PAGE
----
Winning When Software Is Less Than Free

I just read a fantastic blog post by Venture Capitalist Bill Gurley on the less than free business model. What does this mean? In short, it’s when you get paid by the company instead of the company paying you. Mr. Gurley talks about this in terms of Google’s strategy, that rather than pay Google to use their services, Google will actually pay you a percentage of the revenues they make from ads.

Disruption is a major concern for every business. In the early days of Infinity Softworks it was disruption by Microsoft, who had the clout and power to knock anyone off their perch just by threatening to be in your market space.

But it wasn’t until Microsoft released Internet Explorer that this really got scary. Not only could a company beat you by charging a lower price or be a better known company, now it can kill you by offering for free what once was charged. Chris Anderson, author of Free, would argue that this is the natural evolution of the market. (I wrote about that here.)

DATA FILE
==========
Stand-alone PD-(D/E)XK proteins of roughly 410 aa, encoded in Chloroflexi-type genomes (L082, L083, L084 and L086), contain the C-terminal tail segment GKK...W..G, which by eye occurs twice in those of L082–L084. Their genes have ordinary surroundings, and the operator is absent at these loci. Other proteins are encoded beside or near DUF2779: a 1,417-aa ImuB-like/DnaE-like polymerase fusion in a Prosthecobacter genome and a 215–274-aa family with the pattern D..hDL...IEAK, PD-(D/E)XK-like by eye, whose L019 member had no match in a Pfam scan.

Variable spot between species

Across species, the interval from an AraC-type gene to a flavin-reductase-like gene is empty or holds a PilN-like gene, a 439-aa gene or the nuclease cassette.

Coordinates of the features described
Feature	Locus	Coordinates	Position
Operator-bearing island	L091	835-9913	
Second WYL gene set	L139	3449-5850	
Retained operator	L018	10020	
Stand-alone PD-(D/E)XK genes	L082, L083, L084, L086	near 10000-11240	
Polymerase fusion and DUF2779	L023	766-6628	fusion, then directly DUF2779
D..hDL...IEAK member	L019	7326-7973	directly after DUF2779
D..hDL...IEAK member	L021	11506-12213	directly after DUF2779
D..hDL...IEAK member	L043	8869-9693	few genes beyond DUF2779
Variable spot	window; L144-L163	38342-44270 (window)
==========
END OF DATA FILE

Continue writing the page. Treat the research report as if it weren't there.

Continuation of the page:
The irony, of course, is that Google is now doing to Microsoft what Microsoft did to Netscape: killing it with free. But Google may be cannibalizing it’s own “free” business model. Instead of free, Google is gearing up to pay you to use it’s services.

So for all you entrepreneurs, how do you fend off less than free in your business? (You know, besides the obvious: pray Google buys you so you don’t have to worry about it.)

One thought on “Winning When Software Is Less Than Free

  1. by moving up the value chain into the higher-value activities, like business logic, services, etc; by focusing on niches; or (if going for the home run) by focusing on emerging trends.

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